The other day, I received a breathless message from Eric Eisenbud, as knowledgeable a food enthusiast as there is here in Central New Jersey, and what he said left me in deep shock: the Dragon Palace—the state´s best Sichuan restaurant—had translated its renowned four page lunch menu into English. We agreed to eat there a few days later.
Ten minutes before we were supposed to meet, I stood at the entrance and noticed that there were no English language lunch menus at all. Not that there was any need for one. Two-thirds of the tables were taken and, to my ear, Chinese was being cheerfully spoken at each one. The only non-Chinese people besides myself were in large parties. From past eavesdropping, I suspected that they were all from the same workplaces.
Soon Eric and I were seated—a nice table right by the free scallion pancakes. (He has some pull here. When he sent back the tea made from a bag and asked for the real stuff, they cheerfully gave it to him.) But when the menu was put in front of us, I saw that it wasn't quite right. It practically began with General Tso's Chicken, a dish as American as apple pie. (My own, completely unsubstantiated, hypothesis is that General Tso served in the New Jersey National Guard.) I was crushed.
Here´s the rundown: Pork With Potato had bits of minced pork stir fried with thin strips of potato. Chinese dishes with potato are common enough, but finding them on New Jersey English menus are a rare thrill. Long Squash was the vegetable that some people call "Chinese Okra." Spicy Fish Fillet With Chopped Chili was classic Sichuan, seasoned and bright red with oil. Finally, there was Bacon With Leeks, the signature lunchtime dish. I've raved about it before on Serious Eats and undoubtedly will rave about it again.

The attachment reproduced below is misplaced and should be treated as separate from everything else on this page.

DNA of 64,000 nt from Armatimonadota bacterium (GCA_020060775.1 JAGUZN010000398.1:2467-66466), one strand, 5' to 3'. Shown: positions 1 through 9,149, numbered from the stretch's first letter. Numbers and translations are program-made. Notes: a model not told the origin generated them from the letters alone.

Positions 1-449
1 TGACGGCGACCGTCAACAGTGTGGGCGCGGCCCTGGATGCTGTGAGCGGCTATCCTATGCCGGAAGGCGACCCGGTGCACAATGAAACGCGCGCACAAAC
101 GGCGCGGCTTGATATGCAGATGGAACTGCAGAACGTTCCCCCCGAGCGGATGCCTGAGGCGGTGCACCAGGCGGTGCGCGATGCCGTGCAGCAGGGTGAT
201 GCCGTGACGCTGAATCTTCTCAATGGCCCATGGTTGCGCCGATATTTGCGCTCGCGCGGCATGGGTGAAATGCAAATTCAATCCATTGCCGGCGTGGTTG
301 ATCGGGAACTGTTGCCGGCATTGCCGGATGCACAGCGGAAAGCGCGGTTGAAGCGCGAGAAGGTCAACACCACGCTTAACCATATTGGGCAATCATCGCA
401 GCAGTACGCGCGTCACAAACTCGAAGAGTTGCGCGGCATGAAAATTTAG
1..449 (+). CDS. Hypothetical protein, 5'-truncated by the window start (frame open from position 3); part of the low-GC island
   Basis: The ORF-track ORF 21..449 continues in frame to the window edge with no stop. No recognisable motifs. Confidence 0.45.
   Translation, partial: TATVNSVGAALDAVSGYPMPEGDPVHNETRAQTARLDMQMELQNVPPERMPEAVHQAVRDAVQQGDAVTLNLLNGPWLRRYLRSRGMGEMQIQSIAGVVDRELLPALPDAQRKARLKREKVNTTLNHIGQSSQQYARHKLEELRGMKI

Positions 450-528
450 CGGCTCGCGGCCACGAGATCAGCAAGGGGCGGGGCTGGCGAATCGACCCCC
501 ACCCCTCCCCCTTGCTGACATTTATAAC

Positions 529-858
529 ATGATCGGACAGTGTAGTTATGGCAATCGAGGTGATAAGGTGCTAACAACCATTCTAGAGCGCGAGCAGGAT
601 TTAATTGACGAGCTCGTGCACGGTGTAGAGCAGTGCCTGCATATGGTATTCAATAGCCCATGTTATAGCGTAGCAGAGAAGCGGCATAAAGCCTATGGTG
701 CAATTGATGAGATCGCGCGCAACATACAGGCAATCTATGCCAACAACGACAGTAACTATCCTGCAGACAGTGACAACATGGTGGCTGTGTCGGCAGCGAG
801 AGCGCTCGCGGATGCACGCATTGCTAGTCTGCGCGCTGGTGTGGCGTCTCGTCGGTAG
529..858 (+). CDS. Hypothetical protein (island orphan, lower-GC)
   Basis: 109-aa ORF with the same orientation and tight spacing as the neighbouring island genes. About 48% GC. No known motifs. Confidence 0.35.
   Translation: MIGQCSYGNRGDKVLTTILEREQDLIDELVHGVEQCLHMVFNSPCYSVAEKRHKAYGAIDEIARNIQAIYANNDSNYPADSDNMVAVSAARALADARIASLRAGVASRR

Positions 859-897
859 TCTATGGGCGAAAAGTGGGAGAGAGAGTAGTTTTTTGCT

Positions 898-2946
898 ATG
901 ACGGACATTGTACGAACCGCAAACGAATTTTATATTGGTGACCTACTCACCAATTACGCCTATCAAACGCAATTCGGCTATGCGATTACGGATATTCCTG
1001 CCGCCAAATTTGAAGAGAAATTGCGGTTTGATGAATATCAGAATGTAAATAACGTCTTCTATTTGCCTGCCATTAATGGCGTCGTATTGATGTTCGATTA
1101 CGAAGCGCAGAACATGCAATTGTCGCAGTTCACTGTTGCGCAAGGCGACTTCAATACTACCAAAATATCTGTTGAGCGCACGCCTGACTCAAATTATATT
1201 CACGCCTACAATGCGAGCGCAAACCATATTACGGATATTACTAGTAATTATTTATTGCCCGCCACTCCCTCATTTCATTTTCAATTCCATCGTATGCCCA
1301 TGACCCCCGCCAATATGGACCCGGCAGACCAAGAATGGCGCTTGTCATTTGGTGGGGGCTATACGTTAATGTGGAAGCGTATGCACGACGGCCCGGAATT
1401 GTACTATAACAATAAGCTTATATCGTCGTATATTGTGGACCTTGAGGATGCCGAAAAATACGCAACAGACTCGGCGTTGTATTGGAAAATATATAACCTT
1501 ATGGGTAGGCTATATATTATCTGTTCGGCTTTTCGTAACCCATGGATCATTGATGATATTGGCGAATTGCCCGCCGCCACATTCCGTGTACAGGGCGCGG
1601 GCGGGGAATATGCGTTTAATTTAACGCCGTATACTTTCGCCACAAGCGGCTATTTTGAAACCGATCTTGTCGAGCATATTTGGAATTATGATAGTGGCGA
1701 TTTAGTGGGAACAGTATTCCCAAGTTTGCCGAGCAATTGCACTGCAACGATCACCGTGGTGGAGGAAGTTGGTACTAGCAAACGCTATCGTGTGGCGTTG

We cleaned our plates.
I left puzzled, though. What exactly was it that I expected? A linguistic tour de force from an overworked suburban restaurant owner? It's no secret that the Dragon Palace is one of a handful of New Jersey restaurants with stellar cooking and almost no accommodation for non-Chinese speaking food enthusiasts. If you've ever spent a few hours with a dictionary, you'll know that rendering a few hundred Chinese dish names in English is no easy task. You'd also quickly find out that many ingredients have no name in English at all, even though they´re commonly served in all sorts of New Jersey cuisines—chayote, for example. What do you call them?
Then, you've got to ask, "Who's going to care?" Just how many non-Chinese reading Chinese food enthusiasts are there here? Isn´t it enough to have fifteen or twenty dishes available for them? And finally, what about the majority of English speaking customers? The people who work in the big office buildings at Metropark, the eighty percent (at least) of the neighborhood that doesn't consider Chinese to be its first language?
In the mind of the owner, in the comments of Serious Eats readers, and based on the behavior of too many people that I know well, non-Chinese Americans go to Manhattan for "real" Chinese anyway. It's their loss. The dishes coming out of Edison Chinese kitchens—meant for a well-to-do, suburban Chinese audience—are some of the best in the New York area. Of course, without some serious coaching, those of us who don't read Chinese will never know just how good their meals can be.
1635 Oak Tree Road, Edison NJ 08820 (map) 732-549-7554
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